diskdef sage2
seclen 512
tracks 160
sectrk 8
blocksize 2048
maxdir 128
skew 1
boottrk 2
os 2.2

And now I can look at the image file!

$ wine cpmls -f sage2 CPM68K12.RAW

So I tidy up the image, and copy it back to the IMD program for compressing.  And this was, without a doubt the most difficult to figure out, until after a bunch of searching, and Lorenzo once more again pointed me in the direction of bin2imd

not intuitive!

not intuitive!

So yeah.

BIN2IMD X.RAW X.IMD DM=2 N=80 SS=512 SM=1-8 /2

And the best part is that it worked!  So now I was able to transfer over a binary version of com.68k, com2.68k, along with Zork, and fire it up!

8080 Zork on 68k CP/M

8080 Zork on 68k CP/M

Unfortunately the interpreter doesn’t work right.  It could be the disk transfers fault, maybe the SIMH SAGE emulator, or even the 8080 emulator.  But it worked this far.

CP/M & Zork in Java Script!!!

Yes, it’s finally happened!!!!

This morning, I got an email from Stefan Tramm, informing me of his work.. Basically he’s combined ShellInABox’s vt100 commands, js8080’s Intel 8080 emulator, along with z80pack’s disk format, and CP/M port to provide a CP/M emulator that works in Java Script!!!


It is that cool.

Now the emulator is one of these new fancy HTML5 applications, which means you’ll need either Google Chrome 5, or Safari 5.. I would imagine Internet Explorer 9 and a later Firefox ought to work….

One thing that you’ll want to do is configure your popup blocker to allow the domain to open up popup windows, as that is how you mount disk images into the VM..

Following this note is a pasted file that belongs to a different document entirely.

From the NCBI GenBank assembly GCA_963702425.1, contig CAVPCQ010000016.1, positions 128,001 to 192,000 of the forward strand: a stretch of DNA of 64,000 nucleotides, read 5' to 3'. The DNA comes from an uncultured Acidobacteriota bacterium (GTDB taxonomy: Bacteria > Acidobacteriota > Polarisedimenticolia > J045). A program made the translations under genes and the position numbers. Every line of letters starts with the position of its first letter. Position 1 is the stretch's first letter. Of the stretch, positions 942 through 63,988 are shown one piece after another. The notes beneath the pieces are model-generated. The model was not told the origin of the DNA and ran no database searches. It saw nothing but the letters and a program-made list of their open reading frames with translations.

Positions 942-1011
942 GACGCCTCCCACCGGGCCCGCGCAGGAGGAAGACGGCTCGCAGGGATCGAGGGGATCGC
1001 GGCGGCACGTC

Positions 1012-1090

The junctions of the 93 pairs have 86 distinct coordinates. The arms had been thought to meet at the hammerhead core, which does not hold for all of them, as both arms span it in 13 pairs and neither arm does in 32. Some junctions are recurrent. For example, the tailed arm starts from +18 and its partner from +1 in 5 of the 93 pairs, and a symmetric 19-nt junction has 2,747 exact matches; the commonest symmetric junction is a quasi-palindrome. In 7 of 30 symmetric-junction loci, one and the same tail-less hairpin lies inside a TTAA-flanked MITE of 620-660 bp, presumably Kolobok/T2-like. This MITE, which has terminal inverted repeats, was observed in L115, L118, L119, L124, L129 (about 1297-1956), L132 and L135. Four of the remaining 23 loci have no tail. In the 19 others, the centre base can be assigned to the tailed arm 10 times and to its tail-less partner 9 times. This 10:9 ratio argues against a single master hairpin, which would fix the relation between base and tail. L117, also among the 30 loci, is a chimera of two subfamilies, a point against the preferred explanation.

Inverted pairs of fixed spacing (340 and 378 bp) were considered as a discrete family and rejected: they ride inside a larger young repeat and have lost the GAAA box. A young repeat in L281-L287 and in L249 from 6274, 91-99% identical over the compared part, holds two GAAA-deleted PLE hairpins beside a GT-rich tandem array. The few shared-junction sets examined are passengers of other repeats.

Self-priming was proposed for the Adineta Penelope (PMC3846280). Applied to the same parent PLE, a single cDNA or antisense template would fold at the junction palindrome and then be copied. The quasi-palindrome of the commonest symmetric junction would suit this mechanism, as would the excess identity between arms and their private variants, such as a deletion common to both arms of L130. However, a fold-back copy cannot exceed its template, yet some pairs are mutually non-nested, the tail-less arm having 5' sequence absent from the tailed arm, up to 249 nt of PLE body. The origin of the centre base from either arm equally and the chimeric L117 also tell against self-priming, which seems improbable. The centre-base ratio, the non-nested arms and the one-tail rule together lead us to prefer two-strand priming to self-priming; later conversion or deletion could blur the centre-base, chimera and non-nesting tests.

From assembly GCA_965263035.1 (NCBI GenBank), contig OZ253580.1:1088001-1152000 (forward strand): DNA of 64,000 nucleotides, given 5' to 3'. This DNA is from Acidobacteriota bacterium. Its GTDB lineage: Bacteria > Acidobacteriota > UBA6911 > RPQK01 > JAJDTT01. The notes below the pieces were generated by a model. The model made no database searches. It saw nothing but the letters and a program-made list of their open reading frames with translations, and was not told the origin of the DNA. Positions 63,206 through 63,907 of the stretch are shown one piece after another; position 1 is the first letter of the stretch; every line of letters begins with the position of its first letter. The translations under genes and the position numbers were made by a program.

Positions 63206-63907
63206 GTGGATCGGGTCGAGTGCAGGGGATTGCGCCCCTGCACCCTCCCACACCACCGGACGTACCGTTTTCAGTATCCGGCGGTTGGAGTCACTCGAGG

To get going though it’s real simple. Just click and hit the “Start Emu8080” link, and you’ll get to the console.

Next you’ll have to download a copy of CP/M 2.2 from the server into your local browser datastore by type in:



r 0 cpma

Then load in the bootsector…




Then start executing at 0



g 0


Then you’ll be in CP/M

All running in a browser!

So taking it one step further, I downloaded and built the Cpmtools 2.13 on OS X, used the cpma.cpm disk image as a template, deleted it’s contents and then inserted the ZORK 1 data & program into the disk image… Giving you a zork1.cpm.

So if you’ve turned off the popup blocker on Chrome, you can type in the ‘dsk’ command before you boot up CP/M. This way you can load it into the disk 1 position (B:) then boot up CP/M and play….

CP-M Zork1 on Javascript


All and all, I have to say this is really impressive for something like javascript to actually be somewhat usable… Naturally a 3Ghz+ CPU makes it all possible…. lol GWBasic users back on the 4Mhz machines ought to cringe every time thinking about the level of speed required to pull this off…!!!!

And thanks to Stefan for emailing me about this!

— edit

Stefan has added the zork1 disk image onto his server, so you can now simply load it via:

r 1 zork1

And that’ll place Zork 1 into the ‘B:’ drive.

Some Java & Javascript

Well I found this program, Dioscuri quite interesting… It’s a PC emulator written in JAVA!

It’s very interesting in how it’s trying to be accurate hardware wise, although holding down keys tends to cause it to crash…. 😐

Maybe a later version will work, but for what it’s worth, here is the title screen from Battle Tech.


The best game of 1988!

Naturally, any machine with a good JVM ought to be able to run this… But I’ve always found Java to be such a moving target….

Another thing I came across was this fantastic i8080 emulator coded in javascript. And it’s setup to play space invaders!

On Chrome, or Firefox it should perform at a reasonable rate. Internet explorer users are in the cold, as IE doesn’t have a javascript canvas. Sorry. But here is what you are missing out on.

javascript space invaders

Complete with i8080 emulator in Javascirpt!


This is some really neat stuff (to me) anyways.